As I research the specifics of the newest RSS specification, I will probably add new functionality to the feed to make it more powerful and useful. Moreover, for now I believe it works like a charm! Soon, I'll add the familiar little blue/orange icon to the menu on my blog page for those who are used to seeing that. I'm still not sure exactly why it is important to provide a link to the XML, but conformance to standards is sometimes nice.

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Tuesday, October 4th, 2005 - 11:19 PM

"Movie Review: Haunted Mansion"

Disney's Haunted Mansion

I go right down the middle with this Disney theme park attraction gone Hollywood, starring Eddie Murphy. I don't think it was a great movie, but I also would not give it the worst possible review. I half-enjoyed seeing Eddie Murphy in a role where I didn't have to close my eyes or plug my ears every time he comes on screen. His style of humor and acting is typically a bit more coarse than I can appreciate. Disney's Haunted Mansion was for the most part an exception to Murphy's pattern of vulgarity, though as Disney is becoming notorious for there were a few suggestive lines unfit for a young audience.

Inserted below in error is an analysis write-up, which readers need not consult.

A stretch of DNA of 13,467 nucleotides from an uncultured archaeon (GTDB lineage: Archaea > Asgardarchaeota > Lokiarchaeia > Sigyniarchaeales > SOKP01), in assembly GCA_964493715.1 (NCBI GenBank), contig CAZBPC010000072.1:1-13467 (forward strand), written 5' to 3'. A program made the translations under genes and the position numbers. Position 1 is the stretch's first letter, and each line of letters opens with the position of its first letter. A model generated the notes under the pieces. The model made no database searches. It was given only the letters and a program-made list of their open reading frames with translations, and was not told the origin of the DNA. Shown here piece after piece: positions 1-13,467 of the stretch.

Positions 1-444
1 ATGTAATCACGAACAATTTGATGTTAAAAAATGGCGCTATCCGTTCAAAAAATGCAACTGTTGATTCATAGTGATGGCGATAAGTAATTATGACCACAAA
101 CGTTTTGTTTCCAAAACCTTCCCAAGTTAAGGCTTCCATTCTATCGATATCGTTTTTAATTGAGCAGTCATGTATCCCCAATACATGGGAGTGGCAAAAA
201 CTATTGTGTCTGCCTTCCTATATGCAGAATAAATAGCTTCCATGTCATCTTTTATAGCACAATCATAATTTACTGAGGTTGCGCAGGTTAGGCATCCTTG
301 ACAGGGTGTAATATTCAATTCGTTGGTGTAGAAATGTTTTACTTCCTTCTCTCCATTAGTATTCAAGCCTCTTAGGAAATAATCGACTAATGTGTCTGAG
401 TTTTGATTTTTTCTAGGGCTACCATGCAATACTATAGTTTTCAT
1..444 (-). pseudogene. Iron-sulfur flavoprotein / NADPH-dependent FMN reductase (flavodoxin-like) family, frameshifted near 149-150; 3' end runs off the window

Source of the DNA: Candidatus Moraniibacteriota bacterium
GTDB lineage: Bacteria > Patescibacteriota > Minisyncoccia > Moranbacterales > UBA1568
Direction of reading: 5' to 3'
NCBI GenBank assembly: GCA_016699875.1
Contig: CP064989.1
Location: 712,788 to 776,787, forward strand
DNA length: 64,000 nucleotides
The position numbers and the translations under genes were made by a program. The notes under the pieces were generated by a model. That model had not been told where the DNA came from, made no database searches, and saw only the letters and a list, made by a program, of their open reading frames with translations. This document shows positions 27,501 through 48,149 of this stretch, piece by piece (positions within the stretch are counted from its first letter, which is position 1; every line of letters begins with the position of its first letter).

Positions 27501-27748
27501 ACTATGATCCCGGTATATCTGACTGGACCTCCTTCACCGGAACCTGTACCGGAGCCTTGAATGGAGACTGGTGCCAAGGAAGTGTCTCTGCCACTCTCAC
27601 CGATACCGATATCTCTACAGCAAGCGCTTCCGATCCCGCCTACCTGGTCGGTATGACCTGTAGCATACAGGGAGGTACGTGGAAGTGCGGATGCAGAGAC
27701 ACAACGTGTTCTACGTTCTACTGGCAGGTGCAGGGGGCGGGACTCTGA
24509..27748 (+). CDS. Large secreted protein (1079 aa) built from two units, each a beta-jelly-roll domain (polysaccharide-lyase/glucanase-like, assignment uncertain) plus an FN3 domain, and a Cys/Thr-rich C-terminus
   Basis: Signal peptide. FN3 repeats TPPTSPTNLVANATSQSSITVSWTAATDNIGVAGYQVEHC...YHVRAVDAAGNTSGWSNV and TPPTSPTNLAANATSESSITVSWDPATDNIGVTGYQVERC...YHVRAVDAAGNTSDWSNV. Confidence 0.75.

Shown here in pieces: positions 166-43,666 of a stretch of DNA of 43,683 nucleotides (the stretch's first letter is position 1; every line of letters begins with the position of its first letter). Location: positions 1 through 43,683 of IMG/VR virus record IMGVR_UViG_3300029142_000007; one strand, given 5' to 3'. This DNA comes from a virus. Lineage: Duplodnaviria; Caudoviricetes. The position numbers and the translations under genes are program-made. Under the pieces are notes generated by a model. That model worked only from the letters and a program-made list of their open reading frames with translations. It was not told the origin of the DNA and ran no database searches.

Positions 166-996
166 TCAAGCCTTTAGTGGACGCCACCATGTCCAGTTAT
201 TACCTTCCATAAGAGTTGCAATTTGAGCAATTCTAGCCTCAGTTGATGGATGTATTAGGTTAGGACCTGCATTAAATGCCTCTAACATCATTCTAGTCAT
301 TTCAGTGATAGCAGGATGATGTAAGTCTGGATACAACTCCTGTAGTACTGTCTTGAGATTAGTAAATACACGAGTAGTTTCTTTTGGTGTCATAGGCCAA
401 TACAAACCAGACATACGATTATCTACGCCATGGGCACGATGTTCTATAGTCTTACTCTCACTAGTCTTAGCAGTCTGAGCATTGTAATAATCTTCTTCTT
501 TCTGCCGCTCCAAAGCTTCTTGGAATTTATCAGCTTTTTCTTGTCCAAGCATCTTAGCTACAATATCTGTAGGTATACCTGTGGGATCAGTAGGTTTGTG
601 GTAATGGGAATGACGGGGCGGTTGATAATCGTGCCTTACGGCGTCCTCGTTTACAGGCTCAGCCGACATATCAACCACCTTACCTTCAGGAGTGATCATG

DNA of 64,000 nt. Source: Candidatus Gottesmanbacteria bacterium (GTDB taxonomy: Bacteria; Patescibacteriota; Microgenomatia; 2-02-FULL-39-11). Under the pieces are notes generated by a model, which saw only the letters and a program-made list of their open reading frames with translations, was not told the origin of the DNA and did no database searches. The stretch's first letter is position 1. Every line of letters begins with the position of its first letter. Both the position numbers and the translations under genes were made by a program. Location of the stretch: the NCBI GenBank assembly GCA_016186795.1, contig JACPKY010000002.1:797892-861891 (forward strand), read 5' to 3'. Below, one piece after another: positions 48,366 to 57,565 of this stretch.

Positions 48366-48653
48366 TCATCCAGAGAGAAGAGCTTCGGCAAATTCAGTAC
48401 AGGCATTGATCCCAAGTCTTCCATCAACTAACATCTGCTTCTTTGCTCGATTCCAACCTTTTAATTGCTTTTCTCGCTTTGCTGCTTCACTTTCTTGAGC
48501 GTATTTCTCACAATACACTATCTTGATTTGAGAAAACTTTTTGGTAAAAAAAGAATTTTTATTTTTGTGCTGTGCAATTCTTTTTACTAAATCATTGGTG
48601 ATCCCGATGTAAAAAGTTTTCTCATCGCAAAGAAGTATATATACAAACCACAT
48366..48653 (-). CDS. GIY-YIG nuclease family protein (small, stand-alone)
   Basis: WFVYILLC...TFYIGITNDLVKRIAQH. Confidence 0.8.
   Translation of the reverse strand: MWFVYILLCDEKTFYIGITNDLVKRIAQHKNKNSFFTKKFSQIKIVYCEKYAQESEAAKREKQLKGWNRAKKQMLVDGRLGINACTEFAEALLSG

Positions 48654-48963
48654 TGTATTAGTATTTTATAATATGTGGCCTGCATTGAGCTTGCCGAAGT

By the way, I guess it's about time I give a disclaimer in regards to my movie reviews: I am a follower of Christ, and I do desire that all I do is honoring to Him. I haven't become convinced to watch only movies that were released from well-known Christian studios. I am not a great fan of Hollywood and the clear moral corruption found there, but I feel free to enjoy a good movie, imperfect as it may be. Each person must make their own decision about movies.